I’d been debimg_20160414_101428.jpgating for over a year now on whether to invest in one of the gorgeous headphone hangers I’d been eyeing, and finally decided to take the dive this past week.

I don’t know about you, but I’m picky with how I keep my stuff. Possessions are meticulously used, stored, cared for, etc. If I’m dropping a lot of money for good quality shit, there’s no way I’m going to carelessly toss it in my desk drawer like it’s worth $5.

Headphone headbands are usually padded and rounded to fit the curve of the human head, which means anything they’re hanging from that doesn’t have a curved shape or padding is going to create unsightly dents in the headband – or at the very least, strain it in a way it isn’t meant to be strained. A curved hanger/stand is necessary.

If the earpads are going to be resting against something, it has to be wide enough to cover the entire pad so as not to dent lines into them. The surface (like the surface of the part resting on the headband) should also be either padded or smooth enough not to mark the pads.

For height, the stand should be high enough so the headphone connectors aren’t bent against the stand base or table when hanging/resting. Preferably, you shouldn’t have to compress the headband size to its smallest setting to put it away, only to have to readjust the size when you have to put it back on. It’s an extra unnecessary hassle.

Footpads are a must. I don’t want anything scratching the wood of my desk. Enough said.


2016-04-15-01.01.15.jpg.jpgOmega Headphone Stand

What I went with first were the acrylic omega stands from MOCREO, which were more affordable while meeting all of my requirements. This stand is great quality with a good amount of weight to it (though obviously not as heavy as metal). Four rubber footpads on the base keep the stand from scratching surfaces, but they’re not going to stop the stand from sliding somewhat when you replace/remove your headphones. The width of the stand is conveniently large enough to clamp most earpads onto without them spilling over the edge. My HyperX Cloud headset has plenty of room; my Audeze EL-8 fit perfectly with just a sliver of space enough for me not to worry; and my Audio-Technica ATH-M50x using pleather Brainwavz HM5 pads are a tight fit that have me adjusting either side to make sure they fit without going over (because they will otherwise).

This stand is great for breaking in the headphones (say, if the clamp is too tight), and the headband and earpads (if the cushions are too firm out-of-the-box). I’m using them to stretch out my EL-8 currently because they’re too clampy for my liking.

One small problem with these headphones is that they can be a little too short for my liking. The permanently connected cable of the HyperX Cloud headset wasn’t being bent to the point of danger, but… like I said, I’m meticulous. Thankfully, my other headphones have detachable cables so it isn’t as much of a concern for them.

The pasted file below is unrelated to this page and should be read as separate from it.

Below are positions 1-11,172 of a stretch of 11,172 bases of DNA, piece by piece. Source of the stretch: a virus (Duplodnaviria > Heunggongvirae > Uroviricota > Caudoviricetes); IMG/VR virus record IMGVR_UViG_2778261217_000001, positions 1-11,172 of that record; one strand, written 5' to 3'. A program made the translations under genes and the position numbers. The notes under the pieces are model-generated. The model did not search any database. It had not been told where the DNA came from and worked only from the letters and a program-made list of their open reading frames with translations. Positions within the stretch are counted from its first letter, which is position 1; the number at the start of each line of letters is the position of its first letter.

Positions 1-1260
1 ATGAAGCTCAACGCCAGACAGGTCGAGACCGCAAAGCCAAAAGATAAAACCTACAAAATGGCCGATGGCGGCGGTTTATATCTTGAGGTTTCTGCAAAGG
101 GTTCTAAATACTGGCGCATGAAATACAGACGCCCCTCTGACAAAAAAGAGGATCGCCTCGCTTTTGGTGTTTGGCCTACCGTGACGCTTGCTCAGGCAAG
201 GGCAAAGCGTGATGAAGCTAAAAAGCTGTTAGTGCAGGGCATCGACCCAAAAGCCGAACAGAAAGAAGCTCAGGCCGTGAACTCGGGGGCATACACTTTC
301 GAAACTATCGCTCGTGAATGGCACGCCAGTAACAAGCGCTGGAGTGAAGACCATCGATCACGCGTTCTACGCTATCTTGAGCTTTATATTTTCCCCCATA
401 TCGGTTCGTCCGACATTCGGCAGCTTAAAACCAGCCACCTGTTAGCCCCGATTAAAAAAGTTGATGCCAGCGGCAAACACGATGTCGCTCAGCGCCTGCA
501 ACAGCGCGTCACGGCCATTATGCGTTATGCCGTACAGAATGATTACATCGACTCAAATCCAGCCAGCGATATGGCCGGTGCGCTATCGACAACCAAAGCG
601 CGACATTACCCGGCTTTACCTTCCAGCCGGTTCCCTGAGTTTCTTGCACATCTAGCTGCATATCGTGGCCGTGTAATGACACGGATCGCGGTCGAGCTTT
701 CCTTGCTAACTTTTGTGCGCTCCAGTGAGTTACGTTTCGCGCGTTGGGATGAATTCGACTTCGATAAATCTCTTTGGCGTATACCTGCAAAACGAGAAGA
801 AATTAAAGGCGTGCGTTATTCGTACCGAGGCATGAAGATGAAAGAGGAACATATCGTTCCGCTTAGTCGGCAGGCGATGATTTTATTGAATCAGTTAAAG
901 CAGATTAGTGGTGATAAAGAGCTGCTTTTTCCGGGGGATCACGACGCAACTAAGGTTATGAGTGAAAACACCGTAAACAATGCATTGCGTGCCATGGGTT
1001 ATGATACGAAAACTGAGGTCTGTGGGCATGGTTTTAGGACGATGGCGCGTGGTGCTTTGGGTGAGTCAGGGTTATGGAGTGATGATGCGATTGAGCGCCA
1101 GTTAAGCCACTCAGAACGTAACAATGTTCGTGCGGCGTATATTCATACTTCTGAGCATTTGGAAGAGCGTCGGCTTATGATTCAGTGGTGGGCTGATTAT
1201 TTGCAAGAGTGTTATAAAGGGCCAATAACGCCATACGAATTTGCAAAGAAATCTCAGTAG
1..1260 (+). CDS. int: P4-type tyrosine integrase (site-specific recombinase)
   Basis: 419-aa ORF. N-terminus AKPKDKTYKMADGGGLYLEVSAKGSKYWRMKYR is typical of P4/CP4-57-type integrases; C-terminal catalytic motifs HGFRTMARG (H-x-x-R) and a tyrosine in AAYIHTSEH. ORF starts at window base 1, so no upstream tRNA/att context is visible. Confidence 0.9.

A more practical problem is what to do when you acquire more than one headphone/headset. I loved my first omega stand so I bought a second to put my new headphones on, and then realized I didn’t have the desk space to keep both stands on my desk without over-cluttering it…


Dual-Headphone Hanger

2016-04-15-01.04.19.jpg.jpgAfter months of letting my extra omega stand sit on the floor with headphones on them, I finally decided it’d be worth it to invest in a headphone hanger that could hold more than one pair of headphones without taking away from my much-needed desk space. With much squinting at the computer screen to see if candidates met all my requirements, I had it narrowed down to two options: Woo Audio and SilverStone. Both are made of metal and come in either black or silver. I went with SilverStone because it was cheaper and had a sexier design.

A week later, I got to put together my new (and heavier-than-expected) headphone hanger. I felt like such a lesbian with my handy-dandy screwdriver conveniently within armsreach of my desk, assembling my new toy! After a little screwdriver work, I had a sleek, sexy silver headphone hanger upright on my desk, ready to take on any headphone I had.

Let me tell you, it’s worth the price. This stand is sturdy as heck. It has a matte finish that’s caught me off guard but isn’t a negative by any means. I believe it’s there to keep your headphones in place. There’s ample room for two headphones, and you can loop any cables around the trunk, on the base, or on the actual hanger with the headbands. It’s solid metal and well-balanced with no chance of tipping over. There’s also no way this stand’s going to be sliding around when you remove/replace headphones; it takes both my hands to shift it! And gosh, those are good footpads.

If my headphone/headset stable multiplies (which it most likely will), I’ll know exactly where I’m looking for a second headphone hanger.